We begin is the 1930s, as the forces of Fascism are rising on the European continent.Convinced that Communism is the hope of justice for the future, Cambridge University gradsKim Philby (Toby Stevens), Anthony Blunt (Samuel West), Guy Burgess (Tom Hollander) andDonald Maclean (Rupert Pehry-Jones) become Soviet agents. We follow their lives over thecourse of twenty years, as they rise (in no small part due to the British class system) to everymore important positions …f responsibility within the British establishment.
Anyone whose notions of espionage (particularly that associated with WWII and the ColdWar) are black-and-white would be well-advised to give this a pass: the sympathetic treatment ofthe protagonists will send such viewers into apoplectic fury. For everyone else, this is gripping,splendidly acted drama. While the love lives of the spies are dwelt on at too much length (andplay at in both predictable and repetitive fashion), and not enough time is spent exploring exactlywhat the quartet passed on the Soviets and to what effect, the tale is always intriguing, and one’sattention never flags over the four hours.
Though only 2.0, the audio is better than a lot of 5.1 tracks out there. The environmentaleffects are consistent and well constructed. The opening is a case in point: the echoes of a churchchoir singing “Jerusalem” gradually build as the camera moves closer to the singers, and wesegue smoothly to the hubbub of a party. The left-right separation is decent, if not exactlystriking. The sound is uniformly clean and free of distortion and noise.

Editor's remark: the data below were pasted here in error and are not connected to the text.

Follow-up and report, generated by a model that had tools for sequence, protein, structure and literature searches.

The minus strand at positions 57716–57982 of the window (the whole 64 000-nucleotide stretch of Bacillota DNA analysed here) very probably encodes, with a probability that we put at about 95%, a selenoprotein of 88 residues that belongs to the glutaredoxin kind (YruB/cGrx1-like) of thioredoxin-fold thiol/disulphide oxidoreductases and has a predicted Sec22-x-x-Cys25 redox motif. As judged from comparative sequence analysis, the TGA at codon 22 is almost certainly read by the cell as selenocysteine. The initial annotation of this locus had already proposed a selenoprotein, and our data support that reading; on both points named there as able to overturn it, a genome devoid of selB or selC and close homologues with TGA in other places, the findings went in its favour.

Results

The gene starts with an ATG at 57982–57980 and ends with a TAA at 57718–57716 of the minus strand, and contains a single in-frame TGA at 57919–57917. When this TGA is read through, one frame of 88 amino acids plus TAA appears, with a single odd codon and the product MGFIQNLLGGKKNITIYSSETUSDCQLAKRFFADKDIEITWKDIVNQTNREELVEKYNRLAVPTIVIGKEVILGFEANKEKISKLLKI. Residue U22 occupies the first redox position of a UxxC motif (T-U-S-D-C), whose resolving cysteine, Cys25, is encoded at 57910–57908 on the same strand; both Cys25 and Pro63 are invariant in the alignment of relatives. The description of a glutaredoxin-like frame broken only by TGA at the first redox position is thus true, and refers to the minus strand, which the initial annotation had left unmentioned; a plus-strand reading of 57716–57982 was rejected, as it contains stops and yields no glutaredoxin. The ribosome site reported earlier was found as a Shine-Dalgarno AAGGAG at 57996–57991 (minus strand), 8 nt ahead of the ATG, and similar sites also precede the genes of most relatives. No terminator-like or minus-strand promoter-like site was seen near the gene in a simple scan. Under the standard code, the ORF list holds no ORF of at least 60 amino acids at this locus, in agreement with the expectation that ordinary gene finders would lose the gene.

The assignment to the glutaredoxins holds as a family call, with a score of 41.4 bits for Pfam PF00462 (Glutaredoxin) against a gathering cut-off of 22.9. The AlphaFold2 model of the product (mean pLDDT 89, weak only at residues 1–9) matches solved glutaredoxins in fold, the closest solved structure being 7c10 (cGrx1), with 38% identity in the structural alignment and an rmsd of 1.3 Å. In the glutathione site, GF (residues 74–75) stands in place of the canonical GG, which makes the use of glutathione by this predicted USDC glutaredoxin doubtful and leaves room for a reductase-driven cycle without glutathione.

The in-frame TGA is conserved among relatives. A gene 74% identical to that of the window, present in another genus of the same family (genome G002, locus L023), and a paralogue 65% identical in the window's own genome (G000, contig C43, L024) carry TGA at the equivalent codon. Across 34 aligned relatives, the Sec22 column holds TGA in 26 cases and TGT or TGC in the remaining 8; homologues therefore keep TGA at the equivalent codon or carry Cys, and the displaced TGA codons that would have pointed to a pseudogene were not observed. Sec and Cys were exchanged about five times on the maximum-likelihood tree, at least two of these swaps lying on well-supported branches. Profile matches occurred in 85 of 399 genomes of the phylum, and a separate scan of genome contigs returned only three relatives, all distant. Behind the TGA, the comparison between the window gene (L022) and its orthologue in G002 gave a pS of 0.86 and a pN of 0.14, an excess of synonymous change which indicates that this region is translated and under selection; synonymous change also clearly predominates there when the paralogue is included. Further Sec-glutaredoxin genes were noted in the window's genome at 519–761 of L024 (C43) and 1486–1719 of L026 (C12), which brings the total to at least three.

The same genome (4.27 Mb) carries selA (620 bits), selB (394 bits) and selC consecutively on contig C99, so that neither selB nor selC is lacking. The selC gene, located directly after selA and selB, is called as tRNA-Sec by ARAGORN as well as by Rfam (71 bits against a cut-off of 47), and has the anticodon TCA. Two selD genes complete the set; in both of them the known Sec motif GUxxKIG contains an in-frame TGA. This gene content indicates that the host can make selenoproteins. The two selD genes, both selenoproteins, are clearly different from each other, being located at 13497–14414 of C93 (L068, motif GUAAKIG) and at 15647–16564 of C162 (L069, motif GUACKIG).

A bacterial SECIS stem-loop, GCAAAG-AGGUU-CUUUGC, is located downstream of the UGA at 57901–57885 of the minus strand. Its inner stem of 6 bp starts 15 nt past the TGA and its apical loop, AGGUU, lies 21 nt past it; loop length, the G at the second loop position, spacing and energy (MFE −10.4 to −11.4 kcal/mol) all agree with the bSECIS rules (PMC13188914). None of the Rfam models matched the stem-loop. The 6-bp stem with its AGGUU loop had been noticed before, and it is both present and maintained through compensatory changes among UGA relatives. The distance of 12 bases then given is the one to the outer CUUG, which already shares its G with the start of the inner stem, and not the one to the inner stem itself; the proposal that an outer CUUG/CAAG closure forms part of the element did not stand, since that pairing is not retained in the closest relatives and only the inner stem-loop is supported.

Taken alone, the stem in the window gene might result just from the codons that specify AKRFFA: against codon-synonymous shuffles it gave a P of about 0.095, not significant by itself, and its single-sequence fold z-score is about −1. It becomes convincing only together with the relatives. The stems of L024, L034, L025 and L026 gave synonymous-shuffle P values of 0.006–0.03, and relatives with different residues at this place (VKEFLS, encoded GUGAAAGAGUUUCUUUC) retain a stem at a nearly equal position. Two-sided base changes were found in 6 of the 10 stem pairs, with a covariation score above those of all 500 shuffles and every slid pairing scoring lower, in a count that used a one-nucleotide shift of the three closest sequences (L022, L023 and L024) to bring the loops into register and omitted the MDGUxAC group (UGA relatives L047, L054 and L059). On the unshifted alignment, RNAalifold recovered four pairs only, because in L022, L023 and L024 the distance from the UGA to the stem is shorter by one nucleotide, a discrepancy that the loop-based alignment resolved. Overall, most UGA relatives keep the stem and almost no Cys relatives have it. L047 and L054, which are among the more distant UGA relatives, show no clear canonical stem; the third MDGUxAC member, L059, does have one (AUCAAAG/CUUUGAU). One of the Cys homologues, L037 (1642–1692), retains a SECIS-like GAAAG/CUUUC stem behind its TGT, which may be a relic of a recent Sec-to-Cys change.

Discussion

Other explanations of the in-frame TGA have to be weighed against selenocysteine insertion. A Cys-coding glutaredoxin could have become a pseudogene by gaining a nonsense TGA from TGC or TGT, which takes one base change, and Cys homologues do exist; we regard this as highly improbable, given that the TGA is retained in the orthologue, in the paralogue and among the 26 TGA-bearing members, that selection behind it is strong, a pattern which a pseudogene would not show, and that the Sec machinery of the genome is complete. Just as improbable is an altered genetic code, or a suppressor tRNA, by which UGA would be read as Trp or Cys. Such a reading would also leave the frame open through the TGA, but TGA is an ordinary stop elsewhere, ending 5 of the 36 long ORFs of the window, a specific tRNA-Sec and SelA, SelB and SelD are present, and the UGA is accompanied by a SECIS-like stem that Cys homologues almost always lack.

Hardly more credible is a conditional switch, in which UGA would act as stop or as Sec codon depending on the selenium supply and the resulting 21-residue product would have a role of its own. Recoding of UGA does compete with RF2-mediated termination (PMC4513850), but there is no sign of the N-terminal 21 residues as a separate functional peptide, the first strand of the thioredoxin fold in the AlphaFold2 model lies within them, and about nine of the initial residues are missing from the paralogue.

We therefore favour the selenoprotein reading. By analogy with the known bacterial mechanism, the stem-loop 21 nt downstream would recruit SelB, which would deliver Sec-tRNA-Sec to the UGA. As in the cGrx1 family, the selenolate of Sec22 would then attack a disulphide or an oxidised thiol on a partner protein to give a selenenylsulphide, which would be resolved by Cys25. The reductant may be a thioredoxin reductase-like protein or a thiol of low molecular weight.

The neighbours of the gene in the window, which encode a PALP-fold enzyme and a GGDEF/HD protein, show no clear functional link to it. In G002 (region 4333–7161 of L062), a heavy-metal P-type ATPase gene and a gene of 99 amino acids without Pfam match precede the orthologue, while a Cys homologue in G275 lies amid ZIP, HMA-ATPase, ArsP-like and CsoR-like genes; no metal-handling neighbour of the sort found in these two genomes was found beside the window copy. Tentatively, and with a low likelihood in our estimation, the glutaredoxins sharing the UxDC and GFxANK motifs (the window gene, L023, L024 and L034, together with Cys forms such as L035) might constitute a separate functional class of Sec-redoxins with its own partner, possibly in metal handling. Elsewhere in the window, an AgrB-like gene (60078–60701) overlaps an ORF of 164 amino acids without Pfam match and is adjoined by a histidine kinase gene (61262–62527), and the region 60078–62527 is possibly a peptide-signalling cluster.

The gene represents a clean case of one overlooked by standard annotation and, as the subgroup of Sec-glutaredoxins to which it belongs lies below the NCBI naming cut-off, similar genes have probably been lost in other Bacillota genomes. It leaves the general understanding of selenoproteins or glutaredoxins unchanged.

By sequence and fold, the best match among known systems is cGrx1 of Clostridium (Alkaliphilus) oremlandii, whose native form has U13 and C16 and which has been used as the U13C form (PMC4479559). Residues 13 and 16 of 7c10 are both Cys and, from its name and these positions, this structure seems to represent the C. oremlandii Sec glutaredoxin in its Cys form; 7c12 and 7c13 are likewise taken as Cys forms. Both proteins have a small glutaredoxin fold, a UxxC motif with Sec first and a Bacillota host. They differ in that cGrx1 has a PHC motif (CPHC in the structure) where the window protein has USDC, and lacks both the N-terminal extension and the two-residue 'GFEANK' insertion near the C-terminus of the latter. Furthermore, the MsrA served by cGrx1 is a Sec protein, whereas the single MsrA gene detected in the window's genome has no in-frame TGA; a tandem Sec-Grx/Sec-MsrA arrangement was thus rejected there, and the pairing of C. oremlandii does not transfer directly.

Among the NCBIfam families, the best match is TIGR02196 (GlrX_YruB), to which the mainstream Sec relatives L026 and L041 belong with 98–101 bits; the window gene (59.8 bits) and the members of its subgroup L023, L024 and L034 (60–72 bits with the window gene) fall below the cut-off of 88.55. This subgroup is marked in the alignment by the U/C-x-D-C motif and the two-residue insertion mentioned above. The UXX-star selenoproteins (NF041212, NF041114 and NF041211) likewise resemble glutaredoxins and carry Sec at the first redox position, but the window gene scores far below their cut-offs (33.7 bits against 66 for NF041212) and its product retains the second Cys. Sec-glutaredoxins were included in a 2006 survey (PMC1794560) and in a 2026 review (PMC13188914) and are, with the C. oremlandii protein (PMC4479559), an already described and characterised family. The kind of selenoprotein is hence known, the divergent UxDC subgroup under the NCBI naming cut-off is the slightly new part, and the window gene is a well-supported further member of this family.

A very handsome TV transfer, one of the best I’ve seen. The 16×9 picture is very sharp, withwonderfully vibrant, rich colours. There is no grain, the blacks are solid, the contrasts are superb,and there is virtually no edge enhancement. One great-looking disc.
Writer Peter Moffat is joined by director Tim Fywell and producer Mark Shivas forcommentary on episodes 1 and 4. There is much behind-the-scenes detail, some historicalbackground and thematic considerations in their talk. There are also some very long silences,going on for scenes at a time, and a tendency to point out the obvious. A History Channeldocumentary on the Cambridge spies is a little on the histrionic side, though interesting. Morefascinating is the scrapbook of vintage broadcasts concerning (or featuring) the actual spies (allbut Maclean are represented). There is also a scored photo montage, and ads for BBC America,Coupling, The Office and Father Ted. The menu is scored.
The actual history here is so fascinating that more in-depth information on the extras wouldhave been even better. Still, what is here helps contextualize the film, and the mini-series makesfor very entertaining viewing.
Special Features List
- Audio Commentary
- “Spy Web — The Cambridge Spies” Documentary
- Scored Still Gallery
- Cambridge Spies Historical Scrapbook